Which brings me to my next point…
3. It has simply been much too difficult to track many individual on-page actions.
Even if you wanted to include numerous granular user actions in your funnel analysis, conventional tracking technologies make this overwhelmingly difficult. As I touched upon in my previous post, implementing tracking codes for individual website elements is complex, time-consuming and error-prone.
Making matters worse, large websites are constantly growing and changing. Very few organizations are able to keep their event tagging in step with website changes. Tracked elements may be changed or removed, omitting them from the funnel analysis without anyone being the wiser. Meanwhile, potentially important new elements may be added to the site, which aren’t tracked at all until someone realizes it and decides to add tracking for them. There is a lot of overhead involved with keeping event tracking in sync with the ongoing changes occurring with almost every large website.
4. It is impractical to maintain funnel definitions when lots of change is occurring.
Similar to the challenge of maintaining event tracking as websites are constantly changing, the rapid rate of ongoing change wreaks havoc with funnel setups: to ensure that their predefined funnels are working properly, marketers and analysts need to frequently update their funnel definitions.
Additionally, because marketers are continuously tweaking their sites and running tests to discover how to improve them, funnel analysis can be rendered inconsistent or unreliable. Even temporary changes, such as running an A/B test for a few days, can skew the results of predefined funnels.
Furthermore, while a small business owner may decide to track and analyze a single funnel for a simple website, tracking many different funnels is needed in most larger websites. In fact, I’ve seen companies that track dozens of different funnels on a single website. Trying to maintain the relevancy and value of numerous funnels in an environment of constant change is difficult, if not impossible.
Introducing Digital Conversion Funnel 2.0
The next generation of conversion funnel analysis addresses all of the above shortcomings, providing marketers and product managers with a much more powerful way to identify and understand the conversion-improvement opportunities hiding in their websites. By avoiding the limitations of conventional funnel analysis, much deeper user behavior analysis is possible, leading to countless discoveries of where to focus experimentation and optimization efforts, in order to maximize a website’s conversion potential.
Most importantly, this new approach lets the data define and refine your funnels: instead of arbitrarily deciding in advance which user actions should be linked together to define a website’s conversion funnel – and trying to maintain funnel definitions in an environment of constant change – the Digital Conversion Funnel 2.0 approach collects all user activity data and then analyzes it to determine which user actions truly make the biggest impact on conversation rates.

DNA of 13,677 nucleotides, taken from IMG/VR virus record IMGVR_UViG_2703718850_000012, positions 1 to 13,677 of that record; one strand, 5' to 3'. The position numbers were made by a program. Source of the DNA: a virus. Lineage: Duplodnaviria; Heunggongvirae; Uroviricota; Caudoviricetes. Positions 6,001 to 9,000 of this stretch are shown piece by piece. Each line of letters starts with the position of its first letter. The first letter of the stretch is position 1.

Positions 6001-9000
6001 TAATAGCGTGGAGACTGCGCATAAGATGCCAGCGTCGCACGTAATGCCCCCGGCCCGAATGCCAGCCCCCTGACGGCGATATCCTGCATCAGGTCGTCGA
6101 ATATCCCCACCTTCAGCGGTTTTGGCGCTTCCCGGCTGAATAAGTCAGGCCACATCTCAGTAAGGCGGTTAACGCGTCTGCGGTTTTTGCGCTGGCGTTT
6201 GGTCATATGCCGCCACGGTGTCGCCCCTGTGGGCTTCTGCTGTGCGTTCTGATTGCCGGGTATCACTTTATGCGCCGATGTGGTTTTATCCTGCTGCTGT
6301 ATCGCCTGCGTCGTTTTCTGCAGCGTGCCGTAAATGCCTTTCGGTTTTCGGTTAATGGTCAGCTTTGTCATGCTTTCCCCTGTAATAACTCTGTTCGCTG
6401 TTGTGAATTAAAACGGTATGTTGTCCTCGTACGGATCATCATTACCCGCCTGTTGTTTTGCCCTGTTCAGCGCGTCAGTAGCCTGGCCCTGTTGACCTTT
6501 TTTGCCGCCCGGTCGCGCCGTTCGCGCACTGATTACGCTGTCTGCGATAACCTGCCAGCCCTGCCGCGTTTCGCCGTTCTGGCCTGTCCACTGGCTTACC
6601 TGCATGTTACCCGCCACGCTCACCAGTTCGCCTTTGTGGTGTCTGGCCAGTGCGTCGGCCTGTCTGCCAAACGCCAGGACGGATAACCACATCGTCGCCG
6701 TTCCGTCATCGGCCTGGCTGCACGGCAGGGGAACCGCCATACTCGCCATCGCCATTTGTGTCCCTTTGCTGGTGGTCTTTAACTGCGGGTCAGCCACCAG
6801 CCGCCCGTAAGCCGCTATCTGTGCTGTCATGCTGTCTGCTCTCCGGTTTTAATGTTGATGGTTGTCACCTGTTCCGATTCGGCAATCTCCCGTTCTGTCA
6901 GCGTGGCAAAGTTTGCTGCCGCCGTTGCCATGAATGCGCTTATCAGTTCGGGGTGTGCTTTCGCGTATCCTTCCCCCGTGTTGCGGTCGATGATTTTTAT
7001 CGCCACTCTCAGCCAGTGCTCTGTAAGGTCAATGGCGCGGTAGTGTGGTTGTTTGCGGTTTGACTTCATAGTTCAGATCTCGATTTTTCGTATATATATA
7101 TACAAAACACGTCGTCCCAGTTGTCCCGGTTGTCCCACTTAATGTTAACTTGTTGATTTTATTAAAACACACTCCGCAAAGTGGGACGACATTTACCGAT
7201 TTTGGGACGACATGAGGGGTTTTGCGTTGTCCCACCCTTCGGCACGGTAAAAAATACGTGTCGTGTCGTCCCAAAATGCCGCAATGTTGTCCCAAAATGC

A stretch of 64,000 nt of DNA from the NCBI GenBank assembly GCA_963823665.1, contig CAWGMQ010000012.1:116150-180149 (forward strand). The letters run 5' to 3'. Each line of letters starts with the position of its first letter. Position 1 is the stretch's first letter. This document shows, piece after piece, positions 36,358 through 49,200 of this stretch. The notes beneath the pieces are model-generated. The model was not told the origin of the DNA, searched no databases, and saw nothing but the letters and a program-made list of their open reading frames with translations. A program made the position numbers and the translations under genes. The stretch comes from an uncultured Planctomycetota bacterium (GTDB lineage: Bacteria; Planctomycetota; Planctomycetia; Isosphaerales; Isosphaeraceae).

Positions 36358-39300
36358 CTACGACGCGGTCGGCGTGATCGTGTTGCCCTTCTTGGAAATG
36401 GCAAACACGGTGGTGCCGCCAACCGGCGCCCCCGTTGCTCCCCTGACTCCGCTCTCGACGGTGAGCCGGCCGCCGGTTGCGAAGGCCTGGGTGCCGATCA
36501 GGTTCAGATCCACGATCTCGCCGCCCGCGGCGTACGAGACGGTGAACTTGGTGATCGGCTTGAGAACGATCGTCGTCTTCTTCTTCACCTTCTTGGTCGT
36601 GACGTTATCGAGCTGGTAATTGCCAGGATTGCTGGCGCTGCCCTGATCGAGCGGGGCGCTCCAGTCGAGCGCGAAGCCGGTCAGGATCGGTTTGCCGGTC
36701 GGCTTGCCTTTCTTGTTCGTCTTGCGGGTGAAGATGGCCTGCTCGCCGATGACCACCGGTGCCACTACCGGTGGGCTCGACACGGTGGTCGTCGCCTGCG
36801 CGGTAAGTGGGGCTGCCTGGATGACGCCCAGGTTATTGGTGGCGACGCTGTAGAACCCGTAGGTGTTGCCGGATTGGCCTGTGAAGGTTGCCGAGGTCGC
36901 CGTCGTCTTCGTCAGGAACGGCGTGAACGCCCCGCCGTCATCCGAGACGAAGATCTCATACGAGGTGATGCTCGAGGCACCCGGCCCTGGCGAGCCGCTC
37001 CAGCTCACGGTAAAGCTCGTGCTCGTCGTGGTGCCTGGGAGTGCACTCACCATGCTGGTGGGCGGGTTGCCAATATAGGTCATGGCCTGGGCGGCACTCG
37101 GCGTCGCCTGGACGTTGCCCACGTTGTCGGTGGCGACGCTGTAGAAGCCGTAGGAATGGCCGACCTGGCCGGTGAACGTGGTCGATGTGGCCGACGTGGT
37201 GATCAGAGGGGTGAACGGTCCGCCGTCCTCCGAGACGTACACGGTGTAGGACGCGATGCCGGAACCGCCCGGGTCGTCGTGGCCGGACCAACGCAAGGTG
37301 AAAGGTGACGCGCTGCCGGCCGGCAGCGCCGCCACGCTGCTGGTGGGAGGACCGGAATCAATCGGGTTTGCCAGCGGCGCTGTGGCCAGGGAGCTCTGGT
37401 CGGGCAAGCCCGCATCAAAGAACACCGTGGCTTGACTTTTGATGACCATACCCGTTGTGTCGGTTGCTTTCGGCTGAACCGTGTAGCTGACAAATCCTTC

To become practical, this approach requires the application of recent technological innovations in four particular areas:
- The ability to easily and comprehensively track, tag and analyze all user actions, including both pageviews and every on-page user interaction, with zero coding/tagging or maintenance effort (if Human effort were required for this, it would be essentially impossible to comprehensively track frequently changing websites)
- The ability to easily and automatically analyze this large amount of granular user behavior data to determine which are the most important user actions contributing to, or hindering, conversions (even a terrific team of data scientists would be hard pressed to analyze thousands of actions within hundreds of thousands of ad hoc funnels, across unlimited dimensions, for millions of users)
- The ability for funnels to define themselves dynamically, in response to everything happening and changing in a website
- The ability to measure the conversion impact of each and every change made to a website
Imagine software that could do this, without the need for you to come up with the funnel steps to track, without the need to set up or maintain any event tracking code/tags and without the need to define or maintain funnels!
Interested in learning more? Contact us and we’ll be happy to help you gain important competitive advantage by becoming one of the first companies to implement Digital Conversion Funnel 2.0.